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Andrew raises an interesting point re weekends being Saturday and Sunday or Thursday Friday.  When our sharemilker advertised for staff for this season he had applicants commenting that they wanted a Saturday/Sunday weekend, 'not a roster system of days off'.  Saturday/Sunday works well when you don't have a lot of staff - our sharemilker employs only one fulltime labour unit and casual staff, so it is easy to give a Saturday/Sunday weekend off.  Young people especially, like to have Saturday/Sunday with their mates.  Wednesday or Thursday just isn't the same. Likewise those with school aged children like weekends off for the same reason Andrew does. 

Why shouldn't they? They are probably never going to achieve farm ownership as an offset to giving up their weekends, are they?

The same could be said for the thousands of young people working in retail and other urban based jobs that don't have regular Saturday/Sunday weekends. ;-)

Corporatized everything. Ghastly world

You've added staff (which aren't available in all areas, and often are poor quality)

how have you increase revenue to cover the extra people.

Many farmers (not landlords) have to work as much as possible to pay off debt, and this includes up and coming sharemilkers trying to payoff their herd asap (because you won't live forever to pay all all the mortgages, so every paid second counts ...(unless...))

Ok Kidos,  Andrew Hoggard in particular,  how about ponying up with some replies,  Leave the seagull territory for corporate mangement.

I'll extend you this courtesy then, a bit of constructive information:  The reason you're not getting innundated for the 5on-2off, is that the industry is used to 6on-1off, so your offer is being seen as 1day less pay.  
   Given the wages (that you probably didn't list - and I personally recommend salaries not hourlies) ... the wages in farming the hours make up for the low pay.  So everyone thinks (1) you're shorting their paycheck (and they could make more doing the extra day), (2) most young farm types see time off as an expense they have to find things to do, (3) that you're not commited to the farm and so you are some "queen st'r" who is probably out of touch with industry norms (and the real physical needs) and thus everything will go pear shaped and messy (this is normal risk adversion...institutionalisation...just like animals in a paddock too long who learn never to look for the gate.

Great to see better/fairer rosters becoming more common.
I run 2 staff (plus myself full time) and run a roster of 7:2 7:2 7:3. This gives a Fri/Sat Sun off for each staff member once a month, so is easier to sell in an advert than having to commit to mid week 'weekends'.
I like this roster as the 3 days really allows them to recover, and or plan something worth while like a trip away. Like you Andrew, weekends are still bare essentials. Having worked on both 11:3 and 8:2 before becoming a sharemilker, I find the current system works petty well.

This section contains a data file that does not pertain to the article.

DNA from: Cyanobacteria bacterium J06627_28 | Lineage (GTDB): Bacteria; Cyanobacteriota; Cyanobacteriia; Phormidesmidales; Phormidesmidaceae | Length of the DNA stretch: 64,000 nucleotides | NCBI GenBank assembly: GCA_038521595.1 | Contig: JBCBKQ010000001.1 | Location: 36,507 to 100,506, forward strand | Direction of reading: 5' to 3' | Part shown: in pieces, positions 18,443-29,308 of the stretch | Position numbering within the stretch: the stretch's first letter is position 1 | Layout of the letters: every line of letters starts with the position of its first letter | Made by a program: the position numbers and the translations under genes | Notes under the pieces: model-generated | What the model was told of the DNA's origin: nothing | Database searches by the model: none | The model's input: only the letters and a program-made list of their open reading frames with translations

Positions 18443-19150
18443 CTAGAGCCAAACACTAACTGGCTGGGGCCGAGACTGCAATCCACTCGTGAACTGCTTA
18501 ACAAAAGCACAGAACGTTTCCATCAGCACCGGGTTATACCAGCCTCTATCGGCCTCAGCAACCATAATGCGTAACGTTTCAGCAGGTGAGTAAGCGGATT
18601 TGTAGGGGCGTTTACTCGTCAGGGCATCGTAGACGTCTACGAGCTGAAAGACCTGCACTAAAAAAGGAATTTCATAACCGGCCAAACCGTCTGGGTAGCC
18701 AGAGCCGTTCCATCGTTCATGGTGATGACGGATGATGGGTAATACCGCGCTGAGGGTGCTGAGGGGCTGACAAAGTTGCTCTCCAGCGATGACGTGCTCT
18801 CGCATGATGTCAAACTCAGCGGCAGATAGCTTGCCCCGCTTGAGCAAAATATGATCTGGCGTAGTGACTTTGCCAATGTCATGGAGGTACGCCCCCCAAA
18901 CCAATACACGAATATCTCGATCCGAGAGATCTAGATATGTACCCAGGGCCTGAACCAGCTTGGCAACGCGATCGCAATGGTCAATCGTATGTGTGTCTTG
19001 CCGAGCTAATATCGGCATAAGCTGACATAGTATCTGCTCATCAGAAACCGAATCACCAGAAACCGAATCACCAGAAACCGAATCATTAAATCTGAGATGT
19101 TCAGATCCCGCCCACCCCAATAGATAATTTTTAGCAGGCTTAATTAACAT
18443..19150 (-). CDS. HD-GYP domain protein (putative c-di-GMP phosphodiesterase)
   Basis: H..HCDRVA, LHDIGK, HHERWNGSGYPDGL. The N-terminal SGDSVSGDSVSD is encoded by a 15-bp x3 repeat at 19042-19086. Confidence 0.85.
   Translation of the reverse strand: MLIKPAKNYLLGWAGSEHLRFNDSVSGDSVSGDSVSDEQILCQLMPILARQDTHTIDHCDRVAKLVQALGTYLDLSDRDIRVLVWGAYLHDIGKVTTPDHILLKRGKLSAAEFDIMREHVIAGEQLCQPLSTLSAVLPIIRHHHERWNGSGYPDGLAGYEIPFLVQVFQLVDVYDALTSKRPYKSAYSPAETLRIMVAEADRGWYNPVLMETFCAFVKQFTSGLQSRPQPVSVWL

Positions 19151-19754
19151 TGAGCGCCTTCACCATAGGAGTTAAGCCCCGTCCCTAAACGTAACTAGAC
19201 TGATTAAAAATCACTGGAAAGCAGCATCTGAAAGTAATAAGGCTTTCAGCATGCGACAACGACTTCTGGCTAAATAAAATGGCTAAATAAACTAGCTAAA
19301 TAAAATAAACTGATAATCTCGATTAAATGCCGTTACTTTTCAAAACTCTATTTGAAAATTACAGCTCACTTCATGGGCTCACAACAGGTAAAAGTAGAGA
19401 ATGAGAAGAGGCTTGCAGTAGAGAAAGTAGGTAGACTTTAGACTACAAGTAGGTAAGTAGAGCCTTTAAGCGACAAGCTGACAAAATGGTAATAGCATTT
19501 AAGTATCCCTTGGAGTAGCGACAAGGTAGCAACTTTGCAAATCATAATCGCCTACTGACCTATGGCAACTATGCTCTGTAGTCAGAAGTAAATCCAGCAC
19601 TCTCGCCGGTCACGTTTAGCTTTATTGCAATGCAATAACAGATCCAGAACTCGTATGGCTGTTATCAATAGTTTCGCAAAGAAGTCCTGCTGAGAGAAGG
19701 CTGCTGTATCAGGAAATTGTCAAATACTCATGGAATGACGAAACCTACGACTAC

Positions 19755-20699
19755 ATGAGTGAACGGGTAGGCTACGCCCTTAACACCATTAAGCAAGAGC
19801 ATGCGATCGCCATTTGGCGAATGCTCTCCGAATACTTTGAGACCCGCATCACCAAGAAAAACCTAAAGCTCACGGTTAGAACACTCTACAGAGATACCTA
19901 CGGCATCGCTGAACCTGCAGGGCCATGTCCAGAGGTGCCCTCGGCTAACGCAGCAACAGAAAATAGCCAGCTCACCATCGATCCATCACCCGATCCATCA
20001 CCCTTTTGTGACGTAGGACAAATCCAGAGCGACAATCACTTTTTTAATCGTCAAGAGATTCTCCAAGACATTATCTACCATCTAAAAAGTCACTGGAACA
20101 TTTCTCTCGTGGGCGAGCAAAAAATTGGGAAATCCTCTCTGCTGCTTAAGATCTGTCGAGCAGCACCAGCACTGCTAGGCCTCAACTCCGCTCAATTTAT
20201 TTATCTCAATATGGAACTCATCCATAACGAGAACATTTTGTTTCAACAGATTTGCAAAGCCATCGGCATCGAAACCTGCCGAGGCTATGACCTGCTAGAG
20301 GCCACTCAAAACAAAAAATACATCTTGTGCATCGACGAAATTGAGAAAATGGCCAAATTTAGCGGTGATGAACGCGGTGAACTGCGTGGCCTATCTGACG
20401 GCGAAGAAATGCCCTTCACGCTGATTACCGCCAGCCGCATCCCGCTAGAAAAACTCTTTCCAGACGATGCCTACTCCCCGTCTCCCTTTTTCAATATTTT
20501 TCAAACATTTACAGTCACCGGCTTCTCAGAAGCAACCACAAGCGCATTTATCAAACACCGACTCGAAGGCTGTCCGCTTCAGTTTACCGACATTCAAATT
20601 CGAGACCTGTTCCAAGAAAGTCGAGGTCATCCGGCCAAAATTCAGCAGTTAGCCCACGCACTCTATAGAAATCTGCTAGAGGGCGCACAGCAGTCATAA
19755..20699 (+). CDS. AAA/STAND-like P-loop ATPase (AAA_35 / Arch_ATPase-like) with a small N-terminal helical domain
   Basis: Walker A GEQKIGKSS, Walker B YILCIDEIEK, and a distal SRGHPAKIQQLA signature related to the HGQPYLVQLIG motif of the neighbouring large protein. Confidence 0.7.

DJDave: Do you take that third day off leave entitlements?  

When I used to work roster (and when I did social engagements) we used to find the shifting days an absolute disaster.  Same as rotating shifts for night staff.

Sure might be all good and fine for the employer, especially 9-4:30 chair warmers in management.

But it was always a case of "who's running class today, Jo's working this week. ".  "Who's standing in as senior warden, Greg's got shift this week, and doesn't know about next week."  Anything with a hint of responsibility or team work and the rostered people were immediately out

No, the guys still get 4 weeks annual leave (actually 21 days).  Plus stat days rostered off or time 1/2 + day in lieu if worked. The maths is;
Roster 7:2 7:2 7:3
= every 28 days get 7 days off
= 91.25 days per year off
91.25/52 weeks = 1.754 off per week
Therefore 5.246 days worked per 7 days
5.246 x 4 weeks = 20.98 days
Therefore 21 days annual leave req.

52 weeks * 2 days = 104  weekend days on a 5,2   ; 52 weeks = 364 days.

7+2+7+2+7+3 = 28 days.   364/52 = 13 weeks. 
(2+2+3) = 7 ; 7 * 13 = 91 days of :"weekends".
 
"Standard" 6:2. = 8 days.  364 / 8 = 45.5 "weeks"
45.5 * 2 = 91 days of "weekends".

364-91 =274 workdays.  Industry standard  (vs 52*5 = 260 for office folk).

compared with Retail which often has a late night and saturday morning. for a 5.5 : 1.5 ratio
 

Maybe any changes will be short lived.
I read about a year ago that cows were being genetically modified. No suprises there, but these modifications were to make cow milk as close as possible to human milk.
China, it read, had got close, i think it said something like 2 genes away but Brizil was only 1 gene away.
 
Now that might sound good to all dairy farmers, but consider this.
Once you identify the genes needed to change a cows milk to human milk then what is to stop you doing it to goats and sheep.. We may well see a big conversions to sheep and goat farms (worldwide)